Student’s t test was used when the number of CAG repeats was compared between two groups. For the analysis of relative risk, an odds ratio (OR), 95% confidence intervals (CI), and p value were calculated. The software application used for the analysis was SPSS (SPSS Inc, Chicago, USA).
CLINICAL CHARACTERISTICS OF RA PATIENTS
The number of CAG repeats of the AR gene could not be identified in one female and one male RA patient, or in three female controls. As a result, 90 male and 276 female RA patients, and 305 male and 332 female controls were included in the study. Ages of RA patients at presentation ranged from 22 to 82 (mean 60.1) for men and from 25 to 85 (mean 56.5) for women. The age at onset of RA was from 18 to 82 (mean 51.6) for men and from 17 to 81 (mean 45.0) for women, the difference between both sexes being significant (p<0.001). Serum rheumatoid factor positivity was 92.2% for men and 93.5% for women, while rheumatoid nodule positivity was 13.3% for men and 12.0% for women. The age of the controls was from 17 to 91 (mean 48.9) for men and from 20 to 87 (mean 43.6) for women.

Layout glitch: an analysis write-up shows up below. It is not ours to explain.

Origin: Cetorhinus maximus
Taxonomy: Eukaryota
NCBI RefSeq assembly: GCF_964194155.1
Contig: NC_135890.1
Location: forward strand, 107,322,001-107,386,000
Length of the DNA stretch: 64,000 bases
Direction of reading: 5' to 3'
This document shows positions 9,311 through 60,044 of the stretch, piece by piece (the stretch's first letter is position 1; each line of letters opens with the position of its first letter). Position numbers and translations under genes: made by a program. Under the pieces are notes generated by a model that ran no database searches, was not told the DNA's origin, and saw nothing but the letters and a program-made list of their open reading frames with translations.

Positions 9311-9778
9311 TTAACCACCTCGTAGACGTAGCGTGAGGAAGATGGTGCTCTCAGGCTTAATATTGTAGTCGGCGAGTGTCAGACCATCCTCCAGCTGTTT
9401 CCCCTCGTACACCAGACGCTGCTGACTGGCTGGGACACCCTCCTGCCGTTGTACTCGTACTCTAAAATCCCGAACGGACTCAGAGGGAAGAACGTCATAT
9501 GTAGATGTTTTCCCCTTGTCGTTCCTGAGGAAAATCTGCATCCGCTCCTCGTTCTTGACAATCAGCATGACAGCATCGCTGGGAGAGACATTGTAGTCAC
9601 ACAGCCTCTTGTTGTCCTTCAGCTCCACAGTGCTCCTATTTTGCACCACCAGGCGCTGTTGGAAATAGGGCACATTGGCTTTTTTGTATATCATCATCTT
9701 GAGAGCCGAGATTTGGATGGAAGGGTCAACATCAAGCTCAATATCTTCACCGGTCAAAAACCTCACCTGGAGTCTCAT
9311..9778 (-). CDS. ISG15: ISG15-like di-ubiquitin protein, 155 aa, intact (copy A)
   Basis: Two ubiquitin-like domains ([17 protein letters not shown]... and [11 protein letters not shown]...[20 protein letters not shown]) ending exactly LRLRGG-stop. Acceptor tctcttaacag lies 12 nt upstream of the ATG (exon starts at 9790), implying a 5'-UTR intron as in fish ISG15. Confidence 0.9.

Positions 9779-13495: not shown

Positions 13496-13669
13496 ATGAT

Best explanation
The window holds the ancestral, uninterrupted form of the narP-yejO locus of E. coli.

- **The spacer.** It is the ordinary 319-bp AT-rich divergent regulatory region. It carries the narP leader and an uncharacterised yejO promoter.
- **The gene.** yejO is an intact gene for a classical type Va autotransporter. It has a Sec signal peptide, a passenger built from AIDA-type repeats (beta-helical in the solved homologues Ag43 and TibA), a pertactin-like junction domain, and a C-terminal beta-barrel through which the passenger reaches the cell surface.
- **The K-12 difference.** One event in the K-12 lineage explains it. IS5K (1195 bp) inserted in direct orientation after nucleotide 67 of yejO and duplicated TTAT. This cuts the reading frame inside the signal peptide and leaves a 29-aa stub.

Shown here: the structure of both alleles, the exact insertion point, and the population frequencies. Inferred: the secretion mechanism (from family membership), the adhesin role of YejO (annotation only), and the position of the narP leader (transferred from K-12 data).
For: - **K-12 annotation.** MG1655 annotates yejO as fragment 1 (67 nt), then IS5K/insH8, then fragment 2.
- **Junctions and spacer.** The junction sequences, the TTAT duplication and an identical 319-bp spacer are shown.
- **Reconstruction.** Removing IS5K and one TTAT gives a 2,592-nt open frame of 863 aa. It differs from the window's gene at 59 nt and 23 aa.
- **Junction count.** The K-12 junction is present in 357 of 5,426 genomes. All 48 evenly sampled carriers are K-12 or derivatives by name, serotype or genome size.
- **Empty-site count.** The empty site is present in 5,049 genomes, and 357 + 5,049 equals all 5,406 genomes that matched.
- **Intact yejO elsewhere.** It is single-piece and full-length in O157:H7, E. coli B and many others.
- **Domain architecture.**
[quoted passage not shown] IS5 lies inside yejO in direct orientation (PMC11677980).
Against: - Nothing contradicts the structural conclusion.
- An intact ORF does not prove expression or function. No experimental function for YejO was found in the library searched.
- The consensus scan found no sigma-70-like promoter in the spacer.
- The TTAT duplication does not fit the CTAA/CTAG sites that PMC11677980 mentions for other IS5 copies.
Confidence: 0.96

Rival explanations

CAG REPEATS OF THE AR GENE IN OVERALL RA
Because the AR gene is mapped to chromosome X, men have one allele and women two. We therefore analysed 552 alleles in the female RA patients and 664 alleles in the female controls. Table 1 shows the frequency distribution of the number of CAG repeats and mean lengths of CAG repeats by sex. The male RA patients tended to have shorter CAG repeats than the male controls (mean 22.5 versus 23.1, 95%CI for difference: −0.04, 1.37, p=0.07), whereas the female patients had similar CAG repeat lengths to the female controls (mean 22.7 versus 22.9, 95%CI for difference: −0.09, 0.54, p=0.17).
CAG REPEATS OF THE AR GENE IN YOUNGER AND OLDER ONSET GROUPS